I am in a Creative Writing class in which we have to write poetry... including ballads. A ballad is a poem in quatrain format, with an alternating rhyme scheme, that is supposed to tell a story. Here is the story of the catbird.
There once was a bird, dapper and gray
With a rump of russet, a cap of coal
And he meow’d constantly, every single day
Then one day the sun rose, he thought of a goal
His life was too boring, too lame, too bland
He became restless and soft
He decided to set off and find a new land
So with a flick of his wings he took off!
It was blistering and dry
The canyon echoed his meow!
The sun was so hot he could hardly fly.
He found a curious creature, and said ciao
It was named a quetzal
A brilliant green,
He insisted his name was Paul
And long did he preen.
The catbird thought how pretty Paul was
How could he hope to contend?
But he didn’t care, ‘cause
Paul was his new best friend!
The catbird left the canyons in search of some food
He left the desert sands for some berries
He met some waxwings who lightened the mood
And soon the catbird was merry
|See also here.|
After his night of drunken fruit
He left for the west
Where he found a bird who was off route
The bird said, in an accent, “I wish I had never left my nest!”
The bird, it explained, was a finch
It had been blown away from its home in a storm
He said that his home was over the ocean, a thought that made him flinch
He was hoping to get home before it got too warm
The catbird was curious of this cold-weather wonder
And asked if he could fly back home.
The little bird answered “I’m afraid of the thunder,”
“I will end up as part of the loam”
The catbird bid the finch farewell
Since he had places to go.
The catbird couldn’t dwell
Or else there would be snow.
South the catbird went, to tropical shores
He ended up on an isle
Where the ocean roars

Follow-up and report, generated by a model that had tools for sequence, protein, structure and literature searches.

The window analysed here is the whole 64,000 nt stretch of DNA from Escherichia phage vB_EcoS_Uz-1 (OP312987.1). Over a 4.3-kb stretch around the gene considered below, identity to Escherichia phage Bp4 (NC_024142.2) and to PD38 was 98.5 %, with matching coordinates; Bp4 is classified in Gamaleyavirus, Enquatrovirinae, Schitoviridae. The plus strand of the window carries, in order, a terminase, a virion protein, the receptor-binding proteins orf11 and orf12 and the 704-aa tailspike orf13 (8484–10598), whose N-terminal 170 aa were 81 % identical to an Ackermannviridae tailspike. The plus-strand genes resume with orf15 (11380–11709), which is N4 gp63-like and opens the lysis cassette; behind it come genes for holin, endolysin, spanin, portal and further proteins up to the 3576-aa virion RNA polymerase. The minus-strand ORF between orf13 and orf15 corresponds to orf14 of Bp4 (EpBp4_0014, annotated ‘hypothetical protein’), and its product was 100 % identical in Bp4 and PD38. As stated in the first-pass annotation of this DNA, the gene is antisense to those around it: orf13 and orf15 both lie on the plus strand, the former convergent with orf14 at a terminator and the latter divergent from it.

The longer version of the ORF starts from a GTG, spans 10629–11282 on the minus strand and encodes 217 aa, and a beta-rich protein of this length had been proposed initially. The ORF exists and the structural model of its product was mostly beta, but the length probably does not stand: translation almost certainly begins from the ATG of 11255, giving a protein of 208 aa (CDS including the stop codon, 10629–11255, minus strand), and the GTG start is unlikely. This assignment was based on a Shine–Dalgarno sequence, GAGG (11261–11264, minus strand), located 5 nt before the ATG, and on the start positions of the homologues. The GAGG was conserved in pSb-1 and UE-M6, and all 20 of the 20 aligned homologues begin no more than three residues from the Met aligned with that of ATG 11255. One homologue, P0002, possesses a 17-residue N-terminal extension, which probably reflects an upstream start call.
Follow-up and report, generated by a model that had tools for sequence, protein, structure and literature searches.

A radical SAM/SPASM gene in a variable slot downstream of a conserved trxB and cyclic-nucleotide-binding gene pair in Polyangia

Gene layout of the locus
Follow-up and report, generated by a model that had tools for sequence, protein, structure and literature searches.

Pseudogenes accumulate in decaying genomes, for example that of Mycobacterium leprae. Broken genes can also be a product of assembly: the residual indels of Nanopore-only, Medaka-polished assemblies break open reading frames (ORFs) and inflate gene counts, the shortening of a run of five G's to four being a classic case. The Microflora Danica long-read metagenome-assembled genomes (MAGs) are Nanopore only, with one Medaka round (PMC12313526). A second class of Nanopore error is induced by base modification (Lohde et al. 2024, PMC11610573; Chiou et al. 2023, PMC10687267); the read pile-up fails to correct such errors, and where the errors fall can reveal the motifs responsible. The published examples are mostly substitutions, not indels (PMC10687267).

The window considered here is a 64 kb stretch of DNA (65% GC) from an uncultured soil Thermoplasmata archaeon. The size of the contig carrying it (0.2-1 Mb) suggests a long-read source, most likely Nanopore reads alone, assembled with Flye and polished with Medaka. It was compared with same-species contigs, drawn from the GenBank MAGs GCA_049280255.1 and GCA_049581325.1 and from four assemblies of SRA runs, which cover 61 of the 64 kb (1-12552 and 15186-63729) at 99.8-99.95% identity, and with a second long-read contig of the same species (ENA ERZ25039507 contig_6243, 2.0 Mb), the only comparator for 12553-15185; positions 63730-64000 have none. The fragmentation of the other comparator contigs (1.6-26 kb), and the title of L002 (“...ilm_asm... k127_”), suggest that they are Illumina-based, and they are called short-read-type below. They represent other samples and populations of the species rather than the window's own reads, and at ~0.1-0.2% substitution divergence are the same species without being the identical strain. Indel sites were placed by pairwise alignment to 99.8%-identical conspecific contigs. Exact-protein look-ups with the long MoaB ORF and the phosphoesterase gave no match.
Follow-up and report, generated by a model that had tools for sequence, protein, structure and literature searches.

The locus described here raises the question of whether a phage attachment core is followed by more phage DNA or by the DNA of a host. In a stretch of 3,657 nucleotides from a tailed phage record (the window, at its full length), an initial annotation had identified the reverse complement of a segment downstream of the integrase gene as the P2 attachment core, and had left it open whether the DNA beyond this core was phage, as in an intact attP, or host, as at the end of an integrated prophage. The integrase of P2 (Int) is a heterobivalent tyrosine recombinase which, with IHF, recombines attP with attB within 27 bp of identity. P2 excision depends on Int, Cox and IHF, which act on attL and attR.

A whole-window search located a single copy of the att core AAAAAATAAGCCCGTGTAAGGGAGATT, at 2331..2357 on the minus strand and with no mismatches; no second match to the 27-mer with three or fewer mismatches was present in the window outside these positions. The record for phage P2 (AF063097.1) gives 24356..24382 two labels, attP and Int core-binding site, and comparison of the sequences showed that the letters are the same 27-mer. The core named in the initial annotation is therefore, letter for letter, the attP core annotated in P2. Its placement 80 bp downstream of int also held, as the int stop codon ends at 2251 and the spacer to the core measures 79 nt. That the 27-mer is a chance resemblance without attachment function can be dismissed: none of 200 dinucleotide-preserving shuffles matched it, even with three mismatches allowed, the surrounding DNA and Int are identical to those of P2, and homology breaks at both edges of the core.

And the humans smile.
The catbird had seen humans before
But never ones like this
These humans were watching him, for
A reason he missed.
These peculiar people roamed in packs
And pointed out every bird
The catbird watched these atypical acts
And didn’t utter a word.
The catbird heard a familiar mew
On this tropical patch
He sang his song- “I love you!”
And he found a lady catbird, his match!
The couple of catbirds left their tropical paradise behind
To find a place to settle down
With a perfect nest in mind
They settled near a human town
The first egg was laid, smooth and blue
Soon there was two, then three, then four
All an azure hue
In the bushes by a front door
The catbird was now happy with his life
He had soon-to-be young
And a great catbird wife
Meea! He happily sung!
Credit for pictures, in order:
"Grey Catbird" by Wolfgang Wander - self-made / http://www.pbase.com/wwcsig/image/44482560. Licensed under CC BY-SA 3.0 via Wikimedia Commons - http://commons.wikimedia.org/wiki/File:Grey_Catbird.jpg#/media/File:Grey_Catbird.jpg
"Eared Quetzal (Euptilotis neoxenus)" by Dominic Sherony - Flickr: Eared Quetzal (Euptilotis neoxenus). Licensed under CC BY-SA 2.0 via Wikimedia Commons - http://commons.wikimedia.org/wiki/File:Eared_Quetzal_(Euptilotis_neoxenus).jpg#/media/File:Eared_Quetzal_(Euptilotis_neoxenus).jpg
"Fringilla montifringilla -Poland -male-8" by mmlolek - JerUploaded by Snowmanradio. Licensed under CC BY 2.0 via Wikimedia Commons - http://commons.wikimedia.org/wiki/File:Fringilla_montifringilla_-Poland_-male-8.jpg#/media/File:Fringilla_montifringilla_-Poland_-male-8.jpg
By Daniel Schwen (Own work) [CC BY-SA 4.0 (http://creativecommons.org/licenses/by-sa/4.0)], via Wikimedia Commons
"Another catbird" by John Benson. Link to his Flickr page here. The actual link to the photo here.
By Dennis Murphy from USA (DSCN4834 Uploaded by Snowmanradio) [CC BY 2.0 (http://creativecommons.org/licenses/by/2.0)], via Wikimedia Commons